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‘Painkiller’ Review – a gripping and intense new drama

Photo by Becky Payne.

Roar writer Phoebe Smart reviews Sophie Ellerby’s “Painkiller”, a testament to the exciting potential of local theatre, directed by Toby Clarke and performed by the Stratford East Young Company.

Set in an alternative modern day in which the country is in the midst of a devastating nuclear war, acclaimed playwright Sophie Ellerby’s new production “Painkiller” is ambitious, to say the least. Yet, what strikes me the most about “Painkiller” is not its apocalyptic theme, but its refreshing and admirable sense of nuance and humanity.

Staging a science fiction war play with one set and very limited props may initially seem like a strange choice from a director, but in the case of “Painkiller,” it definitely works. The play tells the story of five young soldiers who find themselves test subjects for a new drug which eliminates pain, with most of the action taking place within a single test facility. A testament to Ellerby’s writing, and the talent of the Stratford East Young Company, “Painkiller” remains gripping and intense throughout despite the limited set. Brilliantly staged episodic scenes drive the action forward, and the stark set design and use of lighting ensure a consistent feeling of tension and claustrophobia. Despite its apocalyptic themes and futuristic motifs, “Painkiller”, at its heart, is a play about people; the choice to limit the action to a single room is a genius way to put humanity under the microscope. Pushed to the limit in a windowless cell, the characters clash, fight, and debate ideas about ethics, religion, and science.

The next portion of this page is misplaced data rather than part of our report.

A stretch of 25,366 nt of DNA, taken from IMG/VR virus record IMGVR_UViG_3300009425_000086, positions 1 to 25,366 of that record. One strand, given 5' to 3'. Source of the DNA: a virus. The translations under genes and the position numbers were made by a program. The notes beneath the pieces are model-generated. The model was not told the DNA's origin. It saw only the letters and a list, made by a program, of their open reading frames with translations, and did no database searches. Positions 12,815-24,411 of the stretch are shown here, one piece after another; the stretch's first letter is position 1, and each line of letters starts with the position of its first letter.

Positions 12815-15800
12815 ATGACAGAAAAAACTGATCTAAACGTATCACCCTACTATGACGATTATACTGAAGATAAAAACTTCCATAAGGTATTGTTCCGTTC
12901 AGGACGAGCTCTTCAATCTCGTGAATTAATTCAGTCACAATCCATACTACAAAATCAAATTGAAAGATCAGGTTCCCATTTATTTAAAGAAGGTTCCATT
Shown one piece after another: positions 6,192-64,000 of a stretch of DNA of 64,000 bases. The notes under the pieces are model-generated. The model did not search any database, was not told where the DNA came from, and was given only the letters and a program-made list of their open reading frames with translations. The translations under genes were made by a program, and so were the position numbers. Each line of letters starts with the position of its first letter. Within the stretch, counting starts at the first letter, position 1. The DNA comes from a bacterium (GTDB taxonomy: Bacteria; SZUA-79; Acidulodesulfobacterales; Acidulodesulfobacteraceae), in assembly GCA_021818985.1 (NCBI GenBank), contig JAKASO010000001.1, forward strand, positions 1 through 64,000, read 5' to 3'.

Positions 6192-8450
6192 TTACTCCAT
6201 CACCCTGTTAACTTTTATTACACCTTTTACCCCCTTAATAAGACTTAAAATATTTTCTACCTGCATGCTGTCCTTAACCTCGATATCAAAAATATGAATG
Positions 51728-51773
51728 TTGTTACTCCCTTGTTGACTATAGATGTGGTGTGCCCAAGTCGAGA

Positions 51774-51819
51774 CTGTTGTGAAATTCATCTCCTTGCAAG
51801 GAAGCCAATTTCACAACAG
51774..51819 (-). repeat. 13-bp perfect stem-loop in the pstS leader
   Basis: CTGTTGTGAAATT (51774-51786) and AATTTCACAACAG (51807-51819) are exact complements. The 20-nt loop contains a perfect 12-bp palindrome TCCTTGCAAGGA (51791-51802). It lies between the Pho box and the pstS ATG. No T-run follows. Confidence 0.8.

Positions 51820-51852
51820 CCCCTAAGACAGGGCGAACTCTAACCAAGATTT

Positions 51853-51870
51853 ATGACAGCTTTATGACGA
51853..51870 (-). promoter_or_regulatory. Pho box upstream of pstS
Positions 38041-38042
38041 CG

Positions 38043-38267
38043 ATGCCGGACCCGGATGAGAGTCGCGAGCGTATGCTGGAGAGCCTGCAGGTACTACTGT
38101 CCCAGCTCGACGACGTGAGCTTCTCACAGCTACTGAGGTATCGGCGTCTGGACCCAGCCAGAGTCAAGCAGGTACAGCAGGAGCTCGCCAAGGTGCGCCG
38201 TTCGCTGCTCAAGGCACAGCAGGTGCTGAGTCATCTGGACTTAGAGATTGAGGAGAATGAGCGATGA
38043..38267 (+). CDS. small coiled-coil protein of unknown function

Photo by Becky Payne.

At times, however, the number of themes the play attempts to tackle seems overwhelming, as many of these themes couldn’t be fully realised within the performance time. At times I couldn’t help but think more attention should have been paid to the theme of “pain”, which the title would suggest.

Within the intensity of the play, there are moments of genuine humour executed brilliantly by the actors. It is easy to forget at times that the play is being performed by a youth company. David Olaniregun’s comic acting stood out in particular.

With all that said, I want to continue exploring what I perhaps found most admirable about “Painkiller” – the depiction of humanity and nuance. Unlike its dystopian predecessors such as “Brave New World” or “Nineteen Eighty Four”, “Painkiller” does not depict a morally black and white world, a world where the oppressed fight against an all-powerful and corrupt government, but a chaotic and morally ambiguous one, where the rule makers are just as ‘human’ as their victims. It depicts how easily things can go wrong in society, and is all the more impactful for it.

Overall, “Painkiller” is an exciting and refreshing play, exploring the implications of being human in an increasingly inhuman and technological world, and is well worth the £8 ticket.

“Painkiller” played at the Theatre Royal Stratford East from 28 July to 30 July. You can look at some more productions from the Theatre Royal Stratford East here

Comparative Literature at Kings College London

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